All that said, I’m a huge fan of your writing and would be very appreciative if you’d send us another story for consideration.
    I also sincerely appreciate your kind words regarding XXXX. It’s words like yours that keep me going with this project.
  • Dear joe,
    Thank you for sending “XXXX.” I appreciate the chance to read your piece, and although I enjoyed it, the piece is not right for us.
    You have a strong voice, and I hope you consider submitting to XXXX again in the future.
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Ten Things About Writing That Make No Sense

When I started writing, it did not take me long to figure out that the laws of logic disintegrate in the universe of writing, and I think that’s probably as it should be, because writing is art and art is the domain of the heart, not the head. So it kind of makes sense, the non-logic, and yet it’s still frustrating as hell.

That being said, here are (in no particular order) ten things that are completely beyond my comprehension:

  1. The difference between “new” writer and “emerging” writer. Someone tried to tell me once that the difference was publication. Well, maybe that made sense in 1987, before Al Gore invented the internet and you had to type and print out your manuscript on your IBM word processor and pack it in a manila envelope with a SASE and mail it off to the stodgy print journal with a two-word title that combined a fancy place name with “Quarterly”, and then wait the better part of a year to hear from them, but what about now? If I get my 100-word story published online at Blowholes and Gunwales, or one of the real 4,000+ publishing entities that show up on Duotrope, am I emerging? I think not—but where that line is exactly, I have no idea.
  2. The difference between “author” and “writer”. I know what the difference feels like, but not how to define it. For instance, I call myself a writer, not an author, and I won’t consider myself close to being an author unless I sell over 1,000 copies of something, or until something I wrote is turned into a screenplay. Even then, I’d probably stick with “writer”. To me, “writer” feels simple and honest, while “author” sounds presumptious. Maybe that’s just my understated Midwestern thing again, but you know what? I’d trust a garbage man over a sanitation specialist any day.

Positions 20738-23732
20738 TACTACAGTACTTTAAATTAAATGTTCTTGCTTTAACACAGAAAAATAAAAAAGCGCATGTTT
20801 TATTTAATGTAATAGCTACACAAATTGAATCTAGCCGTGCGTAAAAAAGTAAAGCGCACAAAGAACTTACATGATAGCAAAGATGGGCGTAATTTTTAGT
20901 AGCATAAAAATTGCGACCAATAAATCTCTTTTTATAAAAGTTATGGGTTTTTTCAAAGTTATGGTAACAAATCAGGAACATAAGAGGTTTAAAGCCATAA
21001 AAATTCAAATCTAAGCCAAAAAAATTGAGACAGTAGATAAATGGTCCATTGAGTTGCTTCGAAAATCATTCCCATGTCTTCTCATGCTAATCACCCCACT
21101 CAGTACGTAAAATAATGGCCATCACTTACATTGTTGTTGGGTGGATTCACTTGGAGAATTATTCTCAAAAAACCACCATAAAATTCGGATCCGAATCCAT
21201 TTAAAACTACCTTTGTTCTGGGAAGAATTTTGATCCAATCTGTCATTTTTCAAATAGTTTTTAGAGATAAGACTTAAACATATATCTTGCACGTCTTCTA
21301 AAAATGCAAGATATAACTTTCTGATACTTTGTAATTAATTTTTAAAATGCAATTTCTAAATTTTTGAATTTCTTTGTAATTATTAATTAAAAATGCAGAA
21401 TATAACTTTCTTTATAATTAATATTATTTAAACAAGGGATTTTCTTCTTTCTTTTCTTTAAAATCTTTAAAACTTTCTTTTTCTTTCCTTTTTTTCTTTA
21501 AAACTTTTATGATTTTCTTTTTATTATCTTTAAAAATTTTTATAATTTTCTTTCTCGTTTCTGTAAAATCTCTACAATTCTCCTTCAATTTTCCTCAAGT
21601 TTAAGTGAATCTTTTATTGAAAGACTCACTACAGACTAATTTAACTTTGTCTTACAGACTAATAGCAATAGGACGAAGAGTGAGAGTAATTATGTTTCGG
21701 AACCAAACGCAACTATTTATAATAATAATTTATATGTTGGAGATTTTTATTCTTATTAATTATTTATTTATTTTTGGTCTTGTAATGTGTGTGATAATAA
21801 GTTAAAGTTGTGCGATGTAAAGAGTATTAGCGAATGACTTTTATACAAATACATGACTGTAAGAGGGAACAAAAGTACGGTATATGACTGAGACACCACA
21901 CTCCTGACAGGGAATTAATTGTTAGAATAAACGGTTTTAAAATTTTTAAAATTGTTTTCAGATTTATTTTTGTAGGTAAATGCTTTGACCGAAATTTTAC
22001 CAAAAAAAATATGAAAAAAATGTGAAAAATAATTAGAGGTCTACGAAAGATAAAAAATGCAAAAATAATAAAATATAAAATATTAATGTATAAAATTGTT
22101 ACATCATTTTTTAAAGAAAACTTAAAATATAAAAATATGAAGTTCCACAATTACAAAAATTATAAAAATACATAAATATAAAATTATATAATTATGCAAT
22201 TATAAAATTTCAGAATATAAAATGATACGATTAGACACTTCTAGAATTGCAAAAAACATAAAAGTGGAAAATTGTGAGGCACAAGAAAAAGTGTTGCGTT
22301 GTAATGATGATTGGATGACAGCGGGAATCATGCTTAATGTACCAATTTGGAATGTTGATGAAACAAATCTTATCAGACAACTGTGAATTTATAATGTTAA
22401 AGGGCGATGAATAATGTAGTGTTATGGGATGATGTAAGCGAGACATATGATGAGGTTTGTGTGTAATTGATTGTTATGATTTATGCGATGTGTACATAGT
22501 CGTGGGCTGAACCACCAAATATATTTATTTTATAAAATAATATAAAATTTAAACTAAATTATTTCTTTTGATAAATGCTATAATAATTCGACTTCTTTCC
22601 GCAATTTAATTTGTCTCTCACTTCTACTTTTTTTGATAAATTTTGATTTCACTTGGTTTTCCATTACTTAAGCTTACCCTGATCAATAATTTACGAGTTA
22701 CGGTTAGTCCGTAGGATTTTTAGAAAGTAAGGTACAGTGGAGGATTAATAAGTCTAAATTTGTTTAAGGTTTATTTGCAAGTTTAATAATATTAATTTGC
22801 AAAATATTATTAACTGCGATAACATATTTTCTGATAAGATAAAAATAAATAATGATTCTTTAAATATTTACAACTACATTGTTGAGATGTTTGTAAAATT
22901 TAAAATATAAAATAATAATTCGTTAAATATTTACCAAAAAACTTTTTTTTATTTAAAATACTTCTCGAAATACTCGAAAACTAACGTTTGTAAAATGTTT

3. Writers who flip out on editors over rejections. As they say on ESPN, C’Mon, Man! How long have you been a writer anyway? Rejections are the staple of a writer’s life.  Fact: the Geneva Convention requires that anyone who jails a writer must give said writer two rejections and a glass of water daily.  Suck it up, angry little writer. The Send button is your enemy. Move on. Vow to win them over next time, with better work.
  4. Writers who don’t participate in the community when it’s time to support others, and yet expect the community to go nuts over their latest project. I’m trying to be better at this myself. I’m a terrible Fictionaut member, for example. I log in rarely, but when I do, I feel like I need to read and comment on at least three other pieces. It’s an amazing tool, this Al Gore internet thing. It lets introverts safely experiment with extroversion in the dark recesses of their own homes.
  5. Why just about every third story of mine involves artificial limbs.
  6. How I can manage to get print acceptances from journals with less than a 1% acceptance rate, and yet get routinely rejected by an online journal with a 35% acceptance rate.
  7. Why, according to VIDA stats, there are still many more men than women being published, interviewed, reviewed, etc. in literary circles. I am consistently blown away by the amazing writing that women are putting out there (I’d name some, but there are just too many). If these “gender-unbalanced” venues (see VIDA’s website) publish based purely on excellence, as most claim to, then these stats should reach 50/50 in no time.
  8. Fictionalized nonfiction. Thank you, James Frey, for trying to convince us that nonfiction could be partially true, mainly true, vaguely true or almost true. Nonfictionalized fiction would have been the safer choice.
  9. Why Jonathan Franzen doesn’t understand that he presents poorly and makes everyone want to not like him whenever he opens his mouth. Yes, he can write. Yes, he has some money now. He can now buy a small European country (Franzenbourg?) and write in seclusion and hire actor Thomas Haden Church to play him at media functions.
  10. Why it took me until 2009 to start writing, because I can’t imagine not doing it now.